Today I’m going to walk you through my workflow where I import fixed width data into R, manipulate it, and export it for usage on this site. The end result of this walkthrough is a CSV file which you should be able to import into your favorite spreadsheet program. Here you go, if you want […]
Setting aside my esteemed co-writer’s obsession with hypermiling (not practicing, mind you, joking about), there really is no such thing as a free lunch – especially when it comes to fuel economy. The Government, however, as demonstrated by recently finalized mileage laws, wants their lunch on the house.
As the saying goes, “you can’t legislate innovation”, and fuel economy standards give car manufacturers very interesting incentives.
One of the interesting things about writing on a Personal Finance site is that while you write for your readers and yourself, you are part of a broader community which informs your opinions and gives you reason to examine your own views on many topics. We at Don’t Quit Your Day Job have now been around for (almost) three years, covered a large number of financial topics, introduced a number of personal financial strategies, and delved into too-great detail on subjects which had mildly interesting data.
Welcome to the Christmas/Holidays/Winter Solstice version of the DQYDJ weekender! The three writers on the web site are Catholic (we’re from Boston, remember?) so this is being sent out on Christmas Eve for us. Happy Holidays to you and your families, and enjoy this wrap up.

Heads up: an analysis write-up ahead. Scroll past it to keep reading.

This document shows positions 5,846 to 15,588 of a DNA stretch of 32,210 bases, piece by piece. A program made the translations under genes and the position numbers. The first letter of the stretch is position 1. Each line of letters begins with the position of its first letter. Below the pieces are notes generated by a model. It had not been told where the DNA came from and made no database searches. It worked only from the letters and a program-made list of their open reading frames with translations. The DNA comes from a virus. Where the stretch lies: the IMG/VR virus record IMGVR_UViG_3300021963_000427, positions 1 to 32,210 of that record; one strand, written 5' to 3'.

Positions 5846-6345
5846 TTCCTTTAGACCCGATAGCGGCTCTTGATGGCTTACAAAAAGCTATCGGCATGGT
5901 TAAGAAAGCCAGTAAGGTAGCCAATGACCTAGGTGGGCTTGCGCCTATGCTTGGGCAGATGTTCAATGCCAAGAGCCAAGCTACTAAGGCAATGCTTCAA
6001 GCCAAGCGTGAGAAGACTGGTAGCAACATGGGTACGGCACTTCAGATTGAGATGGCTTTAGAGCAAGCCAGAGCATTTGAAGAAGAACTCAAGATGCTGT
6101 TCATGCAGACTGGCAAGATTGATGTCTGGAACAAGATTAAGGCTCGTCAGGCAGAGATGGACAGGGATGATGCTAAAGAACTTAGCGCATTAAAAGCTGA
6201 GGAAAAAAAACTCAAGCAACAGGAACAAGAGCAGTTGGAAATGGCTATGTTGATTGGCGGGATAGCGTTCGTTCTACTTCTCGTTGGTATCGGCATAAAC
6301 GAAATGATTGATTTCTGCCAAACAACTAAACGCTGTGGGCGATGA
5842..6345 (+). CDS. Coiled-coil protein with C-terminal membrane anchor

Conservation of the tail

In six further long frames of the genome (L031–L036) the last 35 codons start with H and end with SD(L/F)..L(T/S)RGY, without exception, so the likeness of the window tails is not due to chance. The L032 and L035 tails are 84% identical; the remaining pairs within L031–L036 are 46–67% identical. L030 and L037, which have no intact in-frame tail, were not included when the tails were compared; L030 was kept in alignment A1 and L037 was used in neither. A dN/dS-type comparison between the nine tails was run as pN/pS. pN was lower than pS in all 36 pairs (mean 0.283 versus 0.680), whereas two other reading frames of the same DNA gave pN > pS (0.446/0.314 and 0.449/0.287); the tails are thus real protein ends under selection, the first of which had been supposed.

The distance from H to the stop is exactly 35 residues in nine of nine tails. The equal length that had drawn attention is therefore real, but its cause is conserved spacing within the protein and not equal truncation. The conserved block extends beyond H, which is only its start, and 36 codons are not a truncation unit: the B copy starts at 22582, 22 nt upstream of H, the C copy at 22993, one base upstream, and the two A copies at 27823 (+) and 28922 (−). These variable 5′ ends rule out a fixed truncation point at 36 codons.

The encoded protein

We’ll be back next week with more controversial stuff, but for now we leave you with the cream of the crop for the week!
Oh no! The Social Security Administration recently released it’s Wage Statistics for 2010 to little (official) fanfare. To read a little financial press, it’s the end of the American Dream (buy guns and gold!), however. Here’s a little secret: the problem isn’t that employers are colluding to ratchet down the income of the United States. The true reason for the reduction in median income is the shifting demographics of employed workers. You can break it down in many ways, but I’ll break it down into age brackets… and you should be convinced that while unemployment is a problem, the falling wage is just a symptom of everything else, and not something you should spend too much time worrying about (let DQYDJ do it for you!).
“Oooh-yeah just like this
Come on little miss and do the twist” – Chubby Checker, The Twist
I thought the quote was pretty clever, but you could also attach one of a couple of subtitles on this post: “Why Thomas Sargent Deserves Half the Nobel Prize” or, if you like classic entertainment, “A Funny Thing Happened on the Way to the Dance”! Let’s stick with Thomas Sargent, who just won the Nobel Prize in Economics for his work in the field of “Rational Expectations”. “Rational Expectations” in Economics, as you might guess, refers to the changing expectations of the market (investors, citizens, whomever) to policies that will affect them. Basically, you cannot assume that the reaction to a new policy will have the desired effect.
Charitable contributions are an important part of the American political system and the American tax code. In this article, Cameron Daniels questions whether the tax exemption for charitable contributions is a good policy decision.
Live blogging for the midterm 2010 elections. Keep refreshing! 5-10 minute updates.
Substitution and Income Effect: These two terms are very familiar to anybody who has taken an intermediate course in macroeconomics. With the recent articles regarding volunteerism and labor statistics, I thought that it was very timely to write on these two very important concepts.
Let’s start with a thought experiment: if you were to receive a 10% increase in your hourly wage, would you increase, decrease, or maintain your hours worked? Believe it or not, any answer is correct, despite many assumptions regarding the positive slope of labor supply curves. The reason that any answer is correct lies in an understanding of substitution and income effects.